This charming photograph shows the  intersection of First and Cherry Street looking northwards towards the Canadian Border, circa 1950. On the right is the I.O.O.F. building with Linn's Hardware Store and the Grand Hotel behind it. The Caribou Tavern occupied space on the ground floor of the Grand Hotel. On the left side of the street is the ivy covered Town Hall.
 
According to correspondence with Mr. Linn, The businesses in the pictures were as followed:
 
On the left, first block:
    City Hall, Jim Bromley's Barber Shop, Wee Drop Inn Restaurant, Bill Hesselgrave's   Sumas Garage.  
 
On the left, 2nd block:
   Post/West Grocery, Nyland's Sumas Mercantile.
 
Directly at the end of Cherry Street:
  Canadian Customs/Immigration Building
 
On the right, first block:
  Linn's Hardware Store, Grand Hotel (In the bottom of the Grand Hotel: International Drug Store,    Caribou Tavern, Handerson' s  Restaurant).
 
On the right, 2nd block:
   On the bottom floor of the Eneix Building, Al Piro's Drug Store, Washington  State Liquor Store, Bishop's Meat Shop.
 
 
 
Picture 2
Photograph taken by Deborah Morgan, March 6, 2015
 
Looking north at the same intersection shown in Picture 1 from the same spot.   The I.O.O.F. building is long gone as well as the Grand Hotel.  There is a small mostly vacant strip mall with a liquor store and its parking lot where Linn's Hardware store once stood.  Where the Grand Hotel used to be there  is a parking lot and an empty restaurant building. The city hall is in the same location minus the ivy with  modern siding on it. It almost doesn't look like the same town.
 
Thank you for visiting Nooksack Valley Nostalgia!  See you next time....
 
 
 
 

Tuesday, February 24, 2015

Traffic control in early Sumas...our short lived traffic circle.

 
Picture 1
looking N on Cherry Street towards the Canadian border.  The flagpole is mounted at the intersection of Cherry Street and Garfield Avenue.
posted with permission from the Bob Bromley collection
 
We have all heard many opinions, pro and con, regarding the use of Traffic Circles that are now coming into use around the county in the last few of years to ease traffic flow and reduce violent accidents at intersections.  However, one of the first uses of the Circle in the county was here in Sumas and was installed just 3 blocks S of the International Boundary on our main thoroughfare of Cherry Street, early in the 20th century.    
 
From stories I heard from interviews with the late Al Baker, an early Sumas resident, our Traffic Circle existed for only a few years and was removed after too many drunk drivers ran into it.  Another longtime resident, Josephine Fadden remembers, "the traffic circle was there in early 40's but not for very long.  The widths of the newer cars made navigating around it difficult."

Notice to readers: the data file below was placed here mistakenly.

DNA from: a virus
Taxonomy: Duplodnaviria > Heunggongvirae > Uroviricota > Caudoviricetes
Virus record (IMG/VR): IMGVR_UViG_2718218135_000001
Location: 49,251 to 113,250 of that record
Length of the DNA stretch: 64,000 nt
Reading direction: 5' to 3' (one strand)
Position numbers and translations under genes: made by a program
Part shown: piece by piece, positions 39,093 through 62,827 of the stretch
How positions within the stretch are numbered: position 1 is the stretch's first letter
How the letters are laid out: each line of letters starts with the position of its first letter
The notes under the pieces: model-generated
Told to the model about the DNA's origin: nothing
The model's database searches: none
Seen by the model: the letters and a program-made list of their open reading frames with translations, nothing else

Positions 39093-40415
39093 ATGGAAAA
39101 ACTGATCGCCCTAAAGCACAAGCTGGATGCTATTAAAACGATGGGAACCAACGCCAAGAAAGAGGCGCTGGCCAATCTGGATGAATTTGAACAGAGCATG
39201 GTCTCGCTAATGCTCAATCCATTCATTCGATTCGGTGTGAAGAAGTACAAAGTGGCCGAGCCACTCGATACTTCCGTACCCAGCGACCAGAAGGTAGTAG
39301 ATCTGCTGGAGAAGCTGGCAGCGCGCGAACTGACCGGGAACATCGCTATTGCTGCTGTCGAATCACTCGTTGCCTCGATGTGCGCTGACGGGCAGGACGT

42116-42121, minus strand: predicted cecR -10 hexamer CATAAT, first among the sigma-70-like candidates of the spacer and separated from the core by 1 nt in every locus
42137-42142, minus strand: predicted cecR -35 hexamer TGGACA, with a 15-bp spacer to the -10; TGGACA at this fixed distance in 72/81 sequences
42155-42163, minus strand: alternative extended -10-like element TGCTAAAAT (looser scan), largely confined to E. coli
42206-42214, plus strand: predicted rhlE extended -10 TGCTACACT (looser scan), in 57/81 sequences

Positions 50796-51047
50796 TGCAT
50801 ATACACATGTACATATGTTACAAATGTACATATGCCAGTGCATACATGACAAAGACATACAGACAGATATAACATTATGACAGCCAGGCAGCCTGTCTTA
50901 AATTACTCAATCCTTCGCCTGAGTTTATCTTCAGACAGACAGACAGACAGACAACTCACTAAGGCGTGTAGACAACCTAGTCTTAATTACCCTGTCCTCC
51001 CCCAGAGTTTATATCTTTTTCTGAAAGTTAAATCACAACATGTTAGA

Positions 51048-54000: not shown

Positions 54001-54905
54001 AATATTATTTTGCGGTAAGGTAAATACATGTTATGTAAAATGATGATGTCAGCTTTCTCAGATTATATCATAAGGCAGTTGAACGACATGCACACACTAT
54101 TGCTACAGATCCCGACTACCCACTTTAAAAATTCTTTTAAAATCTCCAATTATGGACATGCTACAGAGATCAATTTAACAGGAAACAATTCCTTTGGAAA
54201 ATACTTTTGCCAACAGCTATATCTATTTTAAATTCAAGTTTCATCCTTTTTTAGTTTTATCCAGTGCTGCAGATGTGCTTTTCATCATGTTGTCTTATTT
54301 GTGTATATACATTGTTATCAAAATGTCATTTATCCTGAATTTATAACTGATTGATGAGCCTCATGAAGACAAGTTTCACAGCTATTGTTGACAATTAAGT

Picture 2
 


 The store at A, with the horse and wagon tethered in front "was owned by Orin Post in the 1940's up through 1950 and then by Dean West (who operated West's Groceries) up through the early 60's or so and then by Dick Bromley up through 1982? when Dick bought the Sumas Mercantile just N of it, tore it down and built the current Grocery store."...pers comm John Linn, 25 Feb 15.
...at B is Mr. Taylor's cobbler shop with its Giant Shoe sign.
...at C is the Swail Hotel. 
...at D is the Eneix Building, built 1938 (as per Google Earth) and still standing as of 2015, by Charles Eneix.  Charles was a prominent early resident and was involved with the creation and promotion of the Sumas Roundup.
...at E is the Grand Hotel.
The roads are paved but quite dirty.  Painted pedestrian crossing lines can just be made out under the layer of dirt in the foreground crossing Cherry Street.
 
The Circle was an interesting feature of our community while it lasted.  See you next posting.  Thanks for visiting Nooksack Valley Nostalgia!
 
 
 
 
 



Saturday, February 21, 2015

The incredible moving Mt. Baker!


You will recognize picture 1 from my posting, 'Floods of Sumas - Part 1 of 1- featuring  early floods' which I posted 27 January, 2015.  The view is a classic, looking SE from the top of Moe Hill on the W side of Sumas down onto the early (flooded) city.  Mr. John Linn, an observant reader, pointed out a very interesting feature in the photograph.   He reminded me that we can not see Mt. Baker from Sumas on a cloudy day.  Picture 1 shows Sumas on a cloudy day, yet, we can see Mt. Baker! So, as it turns out, the photographer not only added it into the photograph (in the wrong location!), but felt that he needed to improve the mountain by making it pointy.  Perhaps he had never seen the mountain to know where it was located or he wanted to compose the picture better.  We may never know.

 
Picture 1
Posted with permission from the Gannaway Collection
 A photograph with Mt. Baker cleverly painted where the artist wanted to place it.
 


Picture 2
 
Posted with permission of Mr. John Linn
 
 Due to creative computer work, Mr. John Linn was able to superimposed Google Earth over the vintage photograph from 1917. You will see that Mt. Baker is really on the far left side of the picture and not nestled in the saddle, artistically centered, as the original photographer wanted his viewer to think.
 
Thank you, Mr. Linn for your observations and your keen eyes!